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Hoffmann, R. A wiki for the life sciences where authorship matters. Nature Genetics (2008)
 
 
 
 
 

DNA fragmentation is a feature of cystic fibrosis epithelial cells: a disease with inappropriate apoptosis?

Cystic fibrosis ( CF) is a single-gene disease caused by mutations in the CFTR gene, which result in disrupted chloride secretions with inspissated mucous secretions by exocrine glands. Nick-end labelling was used to assess DNA fragmentation in 14 CF and 24 control duodenal samples, and in two CF and two control lung tissues. In CF small intestine median 46% (range: 30-82) villus enterocytes show DNA fragmentation (vs. 3% (range: 1-7) in controls P < 0.001) and median 37.5% (range: 23-79) crypt enterocytes show Ki67 antigen (P < 0.001). In CF airways 57% (range: 54-70) of epithelial cells show DNA fragmentation. Inappropriate high DNA fragmentation is a feature of various CF epithelia. This could have great impact in understanding the mechanisms leading to disease.[1]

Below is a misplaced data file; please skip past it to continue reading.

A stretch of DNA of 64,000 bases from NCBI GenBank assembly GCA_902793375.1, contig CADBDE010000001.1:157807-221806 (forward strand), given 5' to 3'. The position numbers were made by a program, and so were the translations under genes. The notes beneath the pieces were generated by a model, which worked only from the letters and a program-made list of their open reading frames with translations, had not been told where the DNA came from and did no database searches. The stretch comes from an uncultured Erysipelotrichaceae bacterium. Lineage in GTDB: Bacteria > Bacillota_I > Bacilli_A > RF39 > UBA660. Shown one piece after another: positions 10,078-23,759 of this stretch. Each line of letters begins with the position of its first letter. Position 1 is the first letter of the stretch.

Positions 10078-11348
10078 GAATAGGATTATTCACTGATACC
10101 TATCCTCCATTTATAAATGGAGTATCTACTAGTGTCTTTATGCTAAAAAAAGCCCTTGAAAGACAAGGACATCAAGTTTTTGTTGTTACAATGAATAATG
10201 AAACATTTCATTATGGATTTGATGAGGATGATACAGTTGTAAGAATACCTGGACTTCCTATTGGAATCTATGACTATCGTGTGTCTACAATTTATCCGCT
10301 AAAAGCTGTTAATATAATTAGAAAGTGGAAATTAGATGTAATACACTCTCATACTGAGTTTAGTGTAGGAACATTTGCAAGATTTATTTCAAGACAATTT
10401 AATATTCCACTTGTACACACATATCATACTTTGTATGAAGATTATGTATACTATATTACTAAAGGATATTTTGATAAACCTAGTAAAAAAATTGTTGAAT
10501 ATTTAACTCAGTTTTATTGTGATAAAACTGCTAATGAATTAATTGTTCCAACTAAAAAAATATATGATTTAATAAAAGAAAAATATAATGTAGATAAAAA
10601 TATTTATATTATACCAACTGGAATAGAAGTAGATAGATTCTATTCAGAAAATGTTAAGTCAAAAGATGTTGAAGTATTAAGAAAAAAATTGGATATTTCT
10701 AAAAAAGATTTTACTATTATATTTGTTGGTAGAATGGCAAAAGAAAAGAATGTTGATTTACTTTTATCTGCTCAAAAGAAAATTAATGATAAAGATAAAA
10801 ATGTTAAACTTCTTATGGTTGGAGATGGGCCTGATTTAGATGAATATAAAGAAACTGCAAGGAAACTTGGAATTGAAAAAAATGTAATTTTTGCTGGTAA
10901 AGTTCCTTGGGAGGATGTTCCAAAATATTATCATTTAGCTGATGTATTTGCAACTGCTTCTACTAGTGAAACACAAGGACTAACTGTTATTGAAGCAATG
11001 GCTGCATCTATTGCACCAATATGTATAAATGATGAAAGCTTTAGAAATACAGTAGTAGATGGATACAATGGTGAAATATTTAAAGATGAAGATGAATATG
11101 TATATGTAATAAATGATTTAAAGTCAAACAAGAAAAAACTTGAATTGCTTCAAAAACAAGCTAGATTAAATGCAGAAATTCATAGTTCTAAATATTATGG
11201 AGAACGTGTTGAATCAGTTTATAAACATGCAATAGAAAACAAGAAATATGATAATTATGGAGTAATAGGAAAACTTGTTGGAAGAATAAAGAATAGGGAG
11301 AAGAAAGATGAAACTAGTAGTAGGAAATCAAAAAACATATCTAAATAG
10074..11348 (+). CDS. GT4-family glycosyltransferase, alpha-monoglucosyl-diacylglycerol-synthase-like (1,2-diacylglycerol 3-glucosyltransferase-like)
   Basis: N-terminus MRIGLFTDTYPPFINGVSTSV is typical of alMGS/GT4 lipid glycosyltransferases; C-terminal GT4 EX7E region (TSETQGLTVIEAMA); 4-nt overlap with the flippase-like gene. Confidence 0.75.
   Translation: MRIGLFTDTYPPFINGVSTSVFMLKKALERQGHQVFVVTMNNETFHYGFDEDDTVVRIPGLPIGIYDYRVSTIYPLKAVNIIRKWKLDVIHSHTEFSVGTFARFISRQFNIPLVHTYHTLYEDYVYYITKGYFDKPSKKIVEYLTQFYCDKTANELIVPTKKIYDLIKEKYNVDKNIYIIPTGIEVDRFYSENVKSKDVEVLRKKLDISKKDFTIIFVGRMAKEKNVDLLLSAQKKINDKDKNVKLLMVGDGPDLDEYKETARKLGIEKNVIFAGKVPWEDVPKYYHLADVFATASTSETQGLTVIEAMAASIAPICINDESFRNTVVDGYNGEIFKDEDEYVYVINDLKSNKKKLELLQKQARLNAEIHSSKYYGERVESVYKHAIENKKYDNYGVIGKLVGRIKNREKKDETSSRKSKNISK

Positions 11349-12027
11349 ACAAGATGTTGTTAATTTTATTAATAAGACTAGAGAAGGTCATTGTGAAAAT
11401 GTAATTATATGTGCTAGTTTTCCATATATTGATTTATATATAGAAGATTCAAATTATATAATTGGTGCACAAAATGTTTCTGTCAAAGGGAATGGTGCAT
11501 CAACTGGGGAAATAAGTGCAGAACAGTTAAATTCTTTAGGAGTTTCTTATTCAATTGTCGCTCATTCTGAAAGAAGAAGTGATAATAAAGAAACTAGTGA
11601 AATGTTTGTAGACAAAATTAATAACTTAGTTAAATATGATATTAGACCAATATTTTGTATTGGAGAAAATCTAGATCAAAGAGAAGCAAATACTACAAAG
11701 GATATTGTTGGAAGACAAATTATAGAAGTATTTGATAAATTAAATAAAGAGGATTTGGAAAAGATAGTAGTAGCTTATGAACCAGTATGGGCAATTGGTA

References

  1. DNA fragmentation is a feature of cystic fibrosis epithelial cells: a disease with inappropriate apoptosis? Maiuri, L., Raia, V., De Marco, G., Coletta, S., de Ritis, G., Londei, M., Auricchio, S. FEBS Lett. (1997) [Pubmed]
 
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